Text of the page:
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Tips for Helping Garden Birds in the Winter

Published on January 3rd 2020

by pippa.churcher. All rights reserved

For our Feathered Friends

If you’ve ever stopped to listen to the melodic call of a robin, or watched the acrobatic antics of a flock of long-tailed tits, you’ll probably agree that birds are pretty special – and our gardens would be much duller without them.
But it’s easy to take our wild birds for granted. Many species of garden and farmland birds are in decline, with loss of nesting sites, dwindling food sources and changes in farming methods – such as removal of hedgerows – creating challenges.
The good news is that there’s plenty we can do to help our feathered friends – and our gardens are increasingly becoming vital habitats for all kinds of bird species.
Offering food is one of the best ways to help. During winter, supplies of natural food sources – such as nuts, seeds and berries – begin to dwindle, and snow and ice make it difficult for birds to find the food they need.
In just one cold night, a bird can lose up to 10 per cent of its body weight – so it's essential for birds to feed well during the day, every day.
There are many different foods birds like, and if you offer a wide variety you’ll see more birds in your garden.


One of the easiest foods to find – but make sure you offer natural peanuts from a bird food supplier, as salted, roasted or flavoured nuts can be harmful to birds. Peanuts will attract blue tits, great tits and long-tailed tits – and, if you’re lucky, a nuthatch or woodpecker.


Sunflower seed attracts dunnocks, blackbirds and greenfinches. Or to encourage brightly coloured goldfinches to your garden, try offering nyger seed. Nyger seed may also attract siskins – small winter-visiting finches with yellow-green plumage and a black cap.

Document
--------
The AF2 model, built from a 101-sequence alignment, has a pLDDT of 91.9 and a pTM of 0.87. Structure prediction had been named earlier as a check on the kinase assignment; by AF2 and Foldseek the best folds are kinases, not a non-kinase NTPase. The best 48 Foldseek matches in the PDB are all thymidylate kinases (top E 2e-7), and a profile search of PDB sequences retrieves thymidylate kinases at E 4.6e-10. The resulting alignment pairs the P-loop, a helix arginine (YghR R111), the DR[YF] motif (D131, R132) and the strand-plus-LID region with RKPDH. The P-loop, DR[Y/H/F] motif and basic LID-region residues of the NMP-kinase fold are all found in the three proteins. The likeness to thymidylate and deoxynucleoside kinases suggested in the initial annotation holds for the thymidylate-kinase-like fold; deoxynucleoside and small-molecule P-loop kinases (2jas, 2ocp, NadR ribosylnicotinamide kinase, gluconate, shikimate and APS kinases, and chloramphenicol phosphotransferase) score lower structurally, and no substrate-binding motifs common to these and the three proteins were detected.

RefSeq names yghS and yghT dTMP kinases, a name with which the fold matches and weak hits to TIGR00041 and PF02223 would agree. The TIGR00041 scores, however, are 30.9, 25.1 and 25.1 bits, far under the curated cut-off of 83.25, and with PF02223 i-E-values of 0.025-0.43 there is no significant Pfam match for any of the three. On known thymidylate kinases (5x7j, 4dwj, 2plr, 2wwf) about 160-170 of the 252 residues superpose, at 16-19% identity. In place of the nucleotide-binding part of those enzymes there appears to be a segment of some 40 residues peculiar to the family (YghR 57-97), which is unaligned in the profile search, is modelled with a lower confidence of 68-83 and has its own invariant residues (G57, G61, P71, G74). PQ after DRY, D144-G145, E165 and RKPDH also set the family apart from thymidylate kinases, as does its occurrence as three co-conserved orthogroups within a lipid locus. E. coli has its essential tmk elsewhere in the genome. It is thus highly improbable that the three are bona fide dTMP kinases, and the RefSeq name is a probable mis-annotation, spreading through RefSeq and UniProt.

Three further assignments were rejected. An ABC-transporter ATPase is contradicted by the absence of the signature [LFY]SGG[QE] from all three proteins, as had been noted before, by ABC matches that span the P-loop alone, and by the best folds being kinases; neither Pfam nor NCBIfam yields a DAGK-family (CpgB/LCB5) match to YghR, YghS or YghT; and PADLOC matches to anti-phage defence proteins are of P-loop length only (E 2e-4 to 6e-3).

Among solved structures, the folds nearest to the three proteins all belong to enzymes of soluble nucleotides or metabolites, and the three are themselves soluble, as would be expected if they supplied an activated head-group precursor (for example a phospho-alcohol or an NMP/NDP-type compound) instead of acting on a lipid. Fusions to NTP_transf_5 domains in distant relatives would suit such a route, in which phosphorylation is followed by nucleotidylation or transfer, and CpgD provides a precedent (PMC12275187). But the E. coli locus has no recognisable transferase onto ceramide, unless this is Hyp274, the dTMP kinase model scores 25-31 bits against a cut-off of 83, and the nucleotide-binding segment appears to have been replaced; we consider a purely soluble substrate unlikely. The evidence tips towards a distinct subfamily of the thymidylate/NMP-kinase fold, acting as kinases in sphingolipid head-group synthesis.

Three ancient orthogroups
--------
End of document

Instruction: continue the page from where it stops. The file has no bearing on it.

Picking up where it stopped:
Suet balls

And other fat-based bars are a good choice as they provide birds with a high-energy snack to help them survive during cold weather. Make sure you remove any nylon mesh bags first, though, as these can entangle birds and cause injuries.

Kitchen scraps

Some are suitable for wild birds. Cooked potato, cooked rice and grated cheese are excellent, as is pastry – cooked or uncooked. Apples and pears are very popular with blackbirds, thrushes and fieldfares.

Where would you like to sit?

Chaffinches and dunnocks prefer to feed off the ground, while robins and blackbirds are happier dining at a bird table – so offering food in different locations is important if you want to attract a variety of birds.
There are some foods to avoid, as they can be harmful to birds. Milk, desiccated coconut, and salty or mouldy food can all be harmful. Dried pulses, uncooked rice and dry pet food should also be avoided.
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Just add water!

Water is just as important as food – and during winter, natural sources of water may become frozen. A wildlife pond is an excellent water-source for birds – just make sure there are some strategically placed stones so that birds can reach the water, and in very cold weather ponds can freeze over so you may need to break the ice.
No pond? You don’t need to buy a fancy birdbath for birds to drink from. Any watertight container with a depth of up to 10cm will do the job; ideally it should have sloping sides, for ease of access – or put some stones into it to allow smaller birds to reach shallow patches of water.
Once you start to offer food and water, it’s important to keep those feeders topped up – birds will soon begin to rely on your garden as a source of food. And then all you need to do is sit back, relax, and enjoy the sight and sound of the beautiful birds in your garden!